Mysteries of the Microbiome

A U of M associate professor explores the complex world of human microorganisms and the cures they may hold

Mysteries of the Microbiome

Dr. Alexander Khoruts understands if you hesitate to shake his hand. He does dirty work. But he's saving lives with what the rest of us flush away.

The University of Minnesota associate professor is part of a revolution that's overturning decades of scientific assumptions in acknowledging the critical role of bacteria in managing our health.

Though officially a gastroenterologist/immunologist, in reality Khoruts is more of a microscopic wildlife manager. He attempts to restore the gut-flora system of those wracked with Clostridium difficile, or C. diff, a gastro-intestinal affliction.

Dr. Alexander Khoruts at the U of M is a leading researcher in the new science of the microbiome
E. Katie Holm
Dr. Alexander Khoruts at the U of M is a leading researcher in the new science of the microbiome
Ellen Bolte (left) dedicated herself to helping son Andy (middle) recover from autism-like symptoms
Ellen Bolte (left) dedicated herself to helping son Andy (middle) recover from autism-like symptoms

C. diff typically strikes those who are hospitalized and given antibiotics. Sufferers get the runs until they literally run out. Death usually occurs from dehydration. With 15,000 to 20,000 deaths per year from C. diff, the disease claims more lives in the U.S. annually than HIV.

Khoruts's treatment involves a simple, straightforward procedure dating back to fourth-century China, but which has only found sporadic acceptance until recently. It's called a fecal transplant.

Healthy donors come to his office and leave a sample of the rich diversity in their gut and colon. Khoruts liquefies, filters, and freezes it for future study or transplant.

Khorut's lifesaving stool transplants are just the first application made possible by our emerging understanding of the microbiome, the 100 trillion or so microorganisms that inhabit the body, particularly the gut. There are 10 times as many microbial as human cells, and their DNA is both more diverse and plentiful than our own by a hundredfold.

These bacteria, viruses, fungi, and other microorganisms that evolved inside of us over the course of millions of years appear to play such an important role in our biology that they've been collectively dubbed "the forgotten organ."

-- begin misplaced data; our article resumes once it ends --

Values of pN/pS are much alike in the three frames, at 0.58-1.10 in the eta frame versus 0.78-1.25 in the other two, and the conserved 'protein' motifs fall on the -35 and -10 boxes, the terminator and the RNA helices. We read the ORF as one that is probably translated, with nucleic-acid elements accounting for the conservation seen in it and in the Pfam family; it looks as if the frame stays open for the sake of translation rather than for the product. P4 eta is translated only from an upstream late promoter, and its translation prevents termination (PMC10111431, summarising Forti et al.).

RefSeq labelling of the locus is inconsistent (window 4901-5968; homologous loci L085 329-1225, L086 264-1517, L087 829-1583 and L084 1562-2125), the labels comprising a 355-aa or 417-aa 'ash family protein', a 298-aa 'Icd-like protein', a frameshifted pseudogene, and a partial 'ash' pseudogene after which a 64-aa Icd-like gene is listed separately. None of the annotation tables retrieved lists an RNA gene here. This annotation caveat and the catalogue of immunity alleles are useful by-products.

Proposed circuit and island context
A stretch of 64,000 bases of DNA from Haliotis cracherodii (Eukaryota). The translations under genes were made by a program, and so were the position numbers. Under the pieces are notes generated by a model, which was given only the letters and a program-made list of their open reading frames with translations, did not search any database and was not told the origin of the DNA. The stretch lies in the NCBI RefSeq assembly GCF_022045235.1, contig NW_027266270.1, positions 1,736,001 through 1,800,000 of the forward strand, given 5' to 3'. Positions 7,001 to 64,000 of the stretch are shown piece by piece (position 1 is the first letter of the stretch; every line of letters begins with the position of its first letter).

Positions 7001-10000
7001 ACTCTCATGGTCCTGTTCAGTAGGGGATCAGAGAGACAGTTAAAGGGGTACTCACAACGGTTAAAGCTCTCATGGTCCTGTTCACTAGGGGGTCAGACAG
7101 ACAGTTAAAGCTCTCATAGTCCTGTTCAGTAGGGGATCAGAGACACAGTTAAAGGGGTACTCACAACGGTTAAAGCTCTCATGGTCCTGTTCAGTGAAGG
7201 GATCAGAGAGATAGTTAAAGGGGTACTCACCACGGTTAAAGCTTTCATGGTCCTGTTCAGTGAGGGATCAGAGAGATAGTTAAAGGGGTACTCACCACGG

"I was an immunologist, I like to think I still am in some ways," Khoruts says from the office adjoining his old immunology lab on the University of Minnesota campus. "Within my clinical sub-specialty a whole new organ was just accepted. I have to drop whatever I am doing and focus on that because that is never going to happen again."

Not only do our microbiota facilitate digestion, but they've also been linked to mental health, allergies, auto-immune diseases, heart disease, and various cancers. Where genes evolve over generations, our microbial ecosystem responds and adapts much quicker to environmental stressors or changes.

The microbiome appears to work epigenetically (turning genes on or off) and in concert with our immunological system to keep us healthy. While we've long heard about pathogenic bacteria, the great majority of bacteria in our body perform beneficial functions.

Some create enzymes we can't. For example, there are plentiful complex oligosaccharides in breast milk, which humans lack the enzyme to break down. But it's food for some species of beneficial gut bacteria that turn it into nutrients the baby can use. This fuels the growth of good gut bacteria, which squeezes out the pathogens, keeping them isolated.

This is just a small example of how our bodies and bacteria have co-evolved. But Khoruts and other researchers increasingly believe that widespread use of antimicrobial agents and antibiotics — along with our Western diet — are damaging our hard-won gut flora. It may be the key factor in a wide range of recent epidemics including obesity, diabetes, Crohn's disease, and even autism.

"The diversity of our microorganisms is decreasing," Khoruts says, "with possibly deleterious consequences like the emergence of these diseases."

Two years ago Catherine Duff's life was hardly a life at all. She was suffering her seventh bout of C. diff in six years, beset by abdominal pain, fever, loss of appetite, and chronic diarrhea that would strike 20 to 30 times a day.

"My bed is about maybe 15 feet from the toilet in our bathroom," says the 57-year old mother of three who lives in Indianapolis. "I had to have a potty chair beside the bed."

The only time she left the house was to go to the hospital, which she had to do almost every other day. Over the course of 10 to 12 hours, she'd get 12 to 15 bags of saline and bags of enriched plasma to boost her busted immune system.

The line between dehydration and death can be thin, so she had a network of friends who took turns checking in on her while her husband was at work.

"They would come over and I wouldn't be making any sense. They'd say, 'Come on, we have to get some fluids in you.' This was my life for months at a time," Duff recalls. "You literally feel your life draining out of you."

Duff first caught C. diff in 2005 after a diverticulitis attack whose treatment went south to the point where she had to have a temporary colostomy. They removed part of her colon and had to treat her with broad spectrum antibiotics because the wound became infected.

Duff would catch C. diff five more times, in each instance treating it with stronger antibiotics as it became harder and harder to eradicate. Eighty percent of the time you treat C. diff with antibiotics and it goes away. It recurs for 20 percent, and each time it does means the disease is two to three more times likely to return.

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